Stone, Cross and Mask: Searching for Language of Commemoration of the Gulag in the Russian Federation
 
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The Maria Grzegorzewska University
Publication date: 2012-03-21
 
Polish Sociological Review 2012;177(1):71–90
 
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ABSTRACT
This article examines the commemoration practices of the Gulag in the Russian Federation. On the basis of qualitative data collected during a field research carried out in a few former lager districts (the Solovetsky Islands, Komi Republic, Perm region and Kolyma), I reconstruct a way the history of Soviet repressions was uncovered from oblivion and the process of Gulag commemoration began. Starting from the assumption that the Gulag memory was not started to working through in Russia till the end of 1980s, and that the last stage of Perestroika had a crucial influence on a way the repression past is nowadays commemorated in the country, I examine several memory projects erected in that time and show how the process of reworking the Gulag experience and presenting it in a narrative form occurred. On a base of the first exhibition dedicated to the Gulag past, SLON—Solovetsky Lager Osobogo Naznachenya, (the Solovetsky Special Purpose Camp) I reconstruct a process of rewriting history and describe how the repressive past was perceived at the end of the 1980s. In turn, analyses of meaning and social function of the monuments commemorating Gulag show that at the beginning there was a diversity of the past interpretations and that the processes of the transformation of the soft into the hard memory proceed quite quickly. However, since the mid-1990 a comeback to the traditional, well recognizable model of culture is visible. Thus, the memory of Gulag supported by the Russian Orthodox Church slowly dominates the social perception of the repressive past.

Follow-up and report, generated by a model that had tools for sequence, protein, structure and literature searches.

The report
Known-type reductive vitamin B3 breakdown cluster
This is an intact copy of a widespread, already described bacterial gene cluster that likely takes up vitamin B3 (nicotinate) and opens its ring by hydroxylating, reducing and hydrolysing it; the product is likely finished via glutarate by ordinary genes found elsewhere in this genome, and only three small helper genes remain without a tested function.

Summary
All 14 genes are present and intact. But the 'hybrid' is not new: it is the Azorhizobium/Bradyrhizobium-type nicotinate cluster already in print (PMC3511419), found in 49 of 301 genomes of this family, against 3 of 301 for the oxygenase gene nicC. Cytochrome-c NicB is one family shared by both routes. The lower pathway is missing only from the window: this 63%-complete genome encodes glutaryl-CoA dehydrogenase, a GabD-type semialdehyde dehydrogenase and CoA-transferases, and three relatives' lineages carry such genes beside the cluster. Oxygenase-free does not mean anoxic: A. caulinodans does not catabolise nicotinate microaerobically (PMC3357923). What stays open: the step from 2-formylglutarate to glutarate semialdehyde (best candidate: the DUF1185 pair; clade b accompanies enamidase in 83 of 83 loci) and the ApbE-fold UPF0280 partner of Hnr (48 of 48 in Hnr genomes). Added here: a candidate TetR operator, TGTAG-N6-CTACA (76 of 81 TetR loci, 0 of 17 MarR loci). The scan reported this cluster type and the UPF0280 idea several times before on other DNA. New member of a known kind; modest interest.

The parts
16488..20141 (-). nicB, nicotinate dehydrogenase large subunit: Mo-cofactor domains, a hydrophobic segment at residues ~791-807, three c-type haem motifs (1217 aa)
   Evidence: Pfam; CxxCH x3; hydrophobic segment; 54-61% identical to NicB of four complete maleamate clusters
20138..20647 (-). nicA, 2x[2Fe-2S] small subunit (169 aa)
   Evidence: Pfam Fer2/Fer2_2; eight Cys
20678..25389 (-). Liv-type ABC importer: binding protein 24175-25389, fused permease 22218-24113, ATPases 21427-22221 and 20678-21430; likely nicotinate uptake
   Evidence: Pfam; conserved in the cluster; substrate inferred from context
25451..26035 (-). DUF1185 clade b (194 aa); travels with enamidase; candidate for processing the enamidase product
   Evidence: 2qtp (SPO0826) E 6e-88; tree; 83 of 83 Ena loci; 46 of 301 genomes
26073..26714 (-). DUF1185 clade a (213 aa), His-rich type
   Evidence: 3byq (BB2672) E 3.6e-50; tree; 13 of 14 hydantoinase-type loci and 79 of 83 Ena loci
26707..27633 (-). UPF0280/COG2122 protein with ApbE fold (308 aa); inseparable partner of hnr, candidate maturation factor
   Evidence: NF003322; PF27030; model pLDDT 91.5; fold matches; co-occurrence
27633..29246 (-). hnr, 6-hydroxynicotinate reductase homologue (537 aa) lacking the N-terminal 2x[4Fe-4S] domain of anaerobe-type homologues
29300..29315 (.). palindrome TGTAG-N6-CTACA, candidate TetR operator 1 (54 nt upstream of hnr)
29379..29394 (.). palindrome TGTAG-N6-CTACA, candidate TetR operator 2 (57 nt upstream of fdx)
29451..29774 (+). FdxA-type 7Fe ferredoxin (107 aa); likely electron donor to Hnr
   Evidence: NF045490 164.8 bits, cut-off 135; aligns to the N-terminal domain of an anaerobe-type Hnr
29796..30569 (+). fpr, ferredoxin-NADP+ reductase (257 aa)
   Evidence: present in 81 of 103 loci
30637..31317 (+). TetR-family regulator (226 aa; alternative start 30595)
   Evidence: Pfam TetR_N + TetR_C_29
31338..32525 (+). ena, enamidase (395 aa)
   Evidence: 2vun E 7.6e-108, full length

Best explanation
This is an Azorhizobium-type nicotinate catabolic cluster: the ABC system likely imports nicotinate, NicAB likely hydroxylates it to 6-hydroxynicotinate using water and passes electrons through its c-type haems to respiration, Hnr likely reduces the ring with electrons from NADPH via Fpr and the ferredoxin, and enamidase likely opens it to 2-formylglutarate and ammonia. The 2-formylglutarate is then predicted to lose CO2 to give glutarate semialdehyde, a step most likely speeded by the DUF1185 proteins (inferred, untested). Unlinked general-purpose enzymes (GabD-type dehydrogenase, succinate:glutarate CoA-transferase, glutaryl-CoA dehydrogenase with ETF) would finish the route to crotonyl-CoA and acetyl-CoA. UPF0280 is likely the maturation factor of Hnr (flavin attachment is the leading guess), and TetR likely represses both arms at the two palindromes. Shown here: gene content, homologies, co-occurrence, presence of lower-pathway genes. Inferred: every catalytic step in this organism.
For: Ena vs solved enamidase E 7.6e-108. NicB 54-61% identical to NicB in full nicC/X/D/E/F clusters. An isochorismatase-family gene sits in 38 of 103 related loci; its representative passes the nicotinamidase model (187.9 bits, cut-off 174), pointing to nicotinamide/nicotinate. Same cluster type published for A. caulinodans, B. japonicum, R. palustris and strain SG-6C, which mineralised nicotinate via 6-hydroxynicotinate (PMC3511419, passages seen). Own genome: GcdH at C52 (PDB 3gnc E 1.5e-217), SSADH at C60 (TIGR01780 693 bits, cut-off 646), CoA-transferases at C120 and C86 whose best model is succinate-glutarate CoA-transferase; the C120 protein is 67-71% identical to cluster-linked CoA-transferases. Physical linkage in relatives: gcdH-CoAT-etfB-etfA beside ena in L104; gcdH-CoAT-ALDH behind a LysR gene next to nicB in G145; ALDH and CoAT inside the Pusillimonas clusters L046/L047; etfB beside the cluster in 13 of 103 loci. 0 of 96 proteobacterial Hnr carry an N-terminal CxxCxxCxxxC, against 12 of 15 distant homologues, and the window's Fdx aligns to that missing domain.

ACKNOWLEDGEMENTS
This article bases on the field research that I carried out in 2006, 2007 and 2008 in the Russian Federation. It was a part of a wider research project: Remembering Gulag—analysis of sites of memory in the former Soviet camps. Project was sponsored by the Polish Ministry of Science and Higher Education, no N11601231/1159.
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